Prime Time for Basal Cell Carcinoma

Basal Cell Carcinoma 600x410

Basal cell carcinoma is a skin cancer, caused by too much sun exposure, and is an epidemic among Caucasian women and men in their prime (age 40 and over). As a dermatologist, not a day goes by that I do not find a basal cell carcinoma on a patient.

Recently, basal cell carcinoma has been in the press as two journalists have reported their own experiences with basal cell carcinoma. Jacquielynn Floyd, Columnist for Dallas Morning News, used a picture in her article that Judy Noble Cloud had posted on her Facebook to illustrate “The ugly aftermath of surgery to remove cancerous skin spots.” The picture shows Ms. Cloud right after having multiple basal cell cancers removed from her face.

Judy Noble Cloud
Judy Noble Cloud

Shortly after that, I received my monthly Oprah Magazine. I saw that Beauty Editor, Valerie Monroe, had posted a picture of herself immediately after her basal cell cancer had been removed and again after the surgical site had healed.

In the spirit of “a picture is worth a thousand words” and the courage of others to post their after basal cell cancer surgery pictures, I will post my own immediately after surgery and after time has allowed it to heal:

Dr. Euwer After
Immediately after surgery

Dr. Euwer Later
After healing time

May is skin cancer awareness month. It reminds me, to remind you, to schedule your skin cancer screening with a Dermatologist.

Basal cell carcinoma is usually found on sun exposed areas. While it is not life threatening, when it shows up on your face it can cause severe disfigurement if left untreated. Surgical removal is the most common way to treat basal cell carcinoma. The earlier you catch basal cell carcinoma the smaller the surgical scar to remove it. So, look closely at your face for any red spot, pimple or sore that bleeds and if it persists for longer than three months, see your dermatologist.

There are normal growths that can mimic basal cell carcinoma, and a dermatologist can look at the spot and tell if it is suspicious enough to warrant a biopsy. After finding two basal cell cancers on myself, I recently had another biopsy that was not a basal cell carcinoma but an enlarged oil gland (thank goodness). A biopsy is performed under  local anesthetic where the spot is superficially shaved off and sent to a lab. A pathologist will look at the sample under a microscope and determine if it is a basal cell cancer or not.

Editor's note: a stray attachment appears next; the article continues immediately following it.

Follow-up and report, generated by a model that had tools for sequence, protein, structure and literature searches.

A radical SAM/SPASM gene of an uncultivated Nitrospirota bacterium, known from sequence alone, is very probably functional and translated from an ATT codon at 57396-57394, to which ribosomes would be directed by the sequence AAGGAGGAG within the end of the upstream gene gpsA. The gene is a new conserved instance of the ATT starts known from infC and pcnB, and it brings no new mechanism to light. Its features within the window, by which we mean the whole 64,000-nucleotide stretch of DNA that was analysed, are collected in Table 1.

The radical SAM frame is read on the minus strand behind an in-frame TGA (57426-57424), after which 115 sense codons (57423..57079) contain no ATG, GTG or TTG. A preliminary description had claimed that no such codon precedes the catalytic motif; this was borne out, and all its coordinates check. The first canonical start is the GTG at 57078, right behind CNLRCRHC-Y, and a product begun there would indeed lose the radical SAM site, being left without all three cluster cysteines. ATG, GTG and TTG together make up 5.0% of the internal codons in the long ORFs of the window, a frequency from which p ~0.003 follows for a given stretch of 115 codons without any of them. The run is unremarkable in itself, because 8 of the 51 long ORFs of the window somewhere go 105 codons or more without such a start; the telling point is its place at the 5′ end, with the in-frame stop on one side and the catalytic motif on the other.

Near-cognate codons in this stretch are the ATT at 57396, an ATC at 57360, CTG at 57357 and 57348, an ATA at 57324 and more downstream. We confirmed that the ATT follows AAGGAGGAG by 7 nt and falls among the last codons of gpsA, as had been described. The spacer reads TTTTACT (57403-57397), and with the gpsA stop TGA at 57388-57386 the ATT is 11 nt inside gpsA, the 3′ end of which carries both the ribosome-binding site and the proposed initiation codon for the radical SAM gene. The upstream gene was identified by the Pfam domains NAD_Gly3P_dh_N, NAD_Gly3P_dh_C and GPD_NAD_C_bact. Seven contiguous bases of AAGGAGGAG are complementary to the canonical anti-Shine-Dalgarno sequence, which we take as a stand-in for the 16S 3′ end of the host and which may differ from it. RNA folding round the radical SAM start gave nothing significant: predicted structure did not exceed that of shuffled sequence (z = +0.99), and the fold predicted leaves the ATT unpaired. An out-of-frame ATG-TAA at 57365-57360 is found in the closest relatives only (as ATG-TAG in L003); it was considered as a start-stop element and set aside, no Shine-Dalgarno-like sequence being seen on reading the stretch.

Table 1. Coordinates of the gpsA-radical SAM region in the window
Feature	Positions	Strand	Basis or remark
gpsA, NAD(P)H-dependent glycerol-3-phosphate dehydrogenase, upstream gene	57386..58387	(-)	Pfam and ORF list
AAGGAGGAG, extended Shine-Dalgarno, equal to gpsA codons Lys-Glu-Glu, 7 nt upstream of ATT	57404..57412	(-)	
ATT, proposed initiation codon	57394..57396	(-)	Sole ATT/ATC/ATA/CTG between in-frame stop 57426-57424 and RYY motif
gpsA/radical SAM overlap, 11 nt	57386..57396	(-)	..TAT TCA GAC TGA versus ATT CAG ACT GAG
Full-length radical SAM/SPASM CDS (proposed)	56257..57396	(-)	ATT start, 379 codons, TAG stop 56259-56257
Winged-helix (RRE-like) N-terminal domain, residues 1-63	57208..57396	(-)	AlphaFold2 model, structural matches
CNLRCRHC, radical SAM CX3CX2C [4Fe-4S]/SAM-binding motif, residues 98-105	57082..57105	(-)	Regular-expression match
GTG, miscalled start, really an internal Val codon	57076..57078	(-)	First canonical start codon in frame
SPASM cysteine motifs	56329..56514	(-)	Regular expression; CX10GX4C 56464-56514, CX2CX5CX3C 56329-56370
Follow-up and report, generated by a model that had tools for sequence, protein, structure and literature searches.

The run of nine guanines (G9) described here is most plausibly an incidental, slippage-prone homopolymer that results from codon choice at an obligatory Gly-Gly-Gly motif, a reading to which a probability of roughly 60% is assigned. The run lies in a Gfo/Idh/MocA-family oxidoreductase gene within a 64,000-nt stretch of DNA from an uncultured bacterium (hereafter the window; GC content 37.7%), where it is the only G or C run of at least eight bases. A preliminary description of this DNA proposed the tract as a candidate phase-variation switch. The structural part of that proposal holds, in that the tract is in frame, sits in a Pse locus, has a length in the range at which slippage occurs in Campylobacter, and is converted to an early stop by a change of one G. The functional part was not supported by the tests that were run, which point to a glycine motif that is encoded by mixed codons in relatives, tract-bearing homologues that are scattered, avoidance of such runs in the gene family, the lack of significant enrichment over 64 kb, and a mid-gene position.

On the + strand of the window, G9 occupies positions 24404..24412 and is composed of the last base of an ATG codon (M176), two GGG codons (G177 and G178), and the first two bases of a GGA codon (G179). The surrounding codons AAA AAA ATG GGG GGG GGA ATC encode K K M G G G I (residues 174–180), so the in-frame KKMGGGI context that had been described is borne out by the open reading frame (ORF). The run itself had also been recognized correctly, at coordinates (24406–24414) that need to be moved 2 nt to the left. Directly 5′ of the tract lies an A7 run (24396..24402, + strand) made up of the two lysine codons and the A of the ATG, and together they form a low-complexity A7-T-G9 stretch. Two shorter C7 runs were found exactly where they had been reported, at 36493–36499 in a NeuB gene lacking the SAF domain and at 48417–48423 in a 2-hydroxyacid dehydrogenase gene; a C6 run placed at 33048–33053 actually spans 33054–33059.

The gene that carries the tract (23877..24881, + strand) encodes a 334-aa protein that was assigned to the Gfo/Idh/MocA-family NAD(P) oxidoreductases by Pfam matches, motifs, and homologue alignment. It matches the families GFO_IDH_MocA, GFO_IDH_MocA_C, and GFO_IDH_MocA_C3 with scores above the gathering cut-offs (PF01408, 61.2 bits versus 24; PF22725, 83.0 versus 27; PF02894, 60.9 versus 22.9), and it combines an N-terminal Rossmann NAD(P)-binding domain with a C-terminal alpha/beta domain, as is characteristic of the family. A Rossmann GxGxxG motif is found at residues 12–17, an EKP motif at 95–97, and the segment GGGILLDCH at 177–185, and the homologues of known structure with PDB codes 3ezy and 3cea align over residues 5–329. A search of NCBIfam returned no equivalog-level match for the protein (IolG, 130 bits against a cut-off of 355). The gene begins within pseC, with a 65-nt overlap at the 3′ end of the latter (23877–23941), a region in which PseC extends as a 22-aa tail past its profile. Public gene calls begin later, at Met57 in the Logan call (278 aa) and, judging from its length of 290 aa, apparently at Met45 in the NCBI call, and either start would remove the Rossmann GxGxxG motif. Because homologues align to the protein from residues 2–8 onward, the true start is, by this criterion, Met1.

Your Dermatologist will counsel you about treatment. There are different options for types of surgery based on size of the cancer and location. I have had two basal cell cancers on my face. The first (twenty-one years ago) was on my temple, and I had a procedure known as an ED+C. It has not come back, and I have a scar that is barely perceptible.  Two years ago, I had one near my nose, (seen in the picture). That one was excised by a Dermatologist, and the tissue was sent to an outside lab to confirm margins were clear.

Ms. Monroe had Moh’s surgery on her basal cell carcinoma which also involves excising the cancer, but the tissue is evaluated in the office lab to confirm clear margins before closing the wound. When appropriate, imiquimod cream can be used to treat basal cell carcinoma. The pros and cons of treatments are beyond the scope of this article and best discussed between you and your dermatologist.

So, wear sunscreen. Pay attention to your spots. And, see your Dermatologist.


We are giving away a $50 Amazon Gift Card every month to one of our subscribers! To enter, simply add your email address below. If you already subscribe, you will automatically be entered. Winners will be chosen randomly.

Related Posts: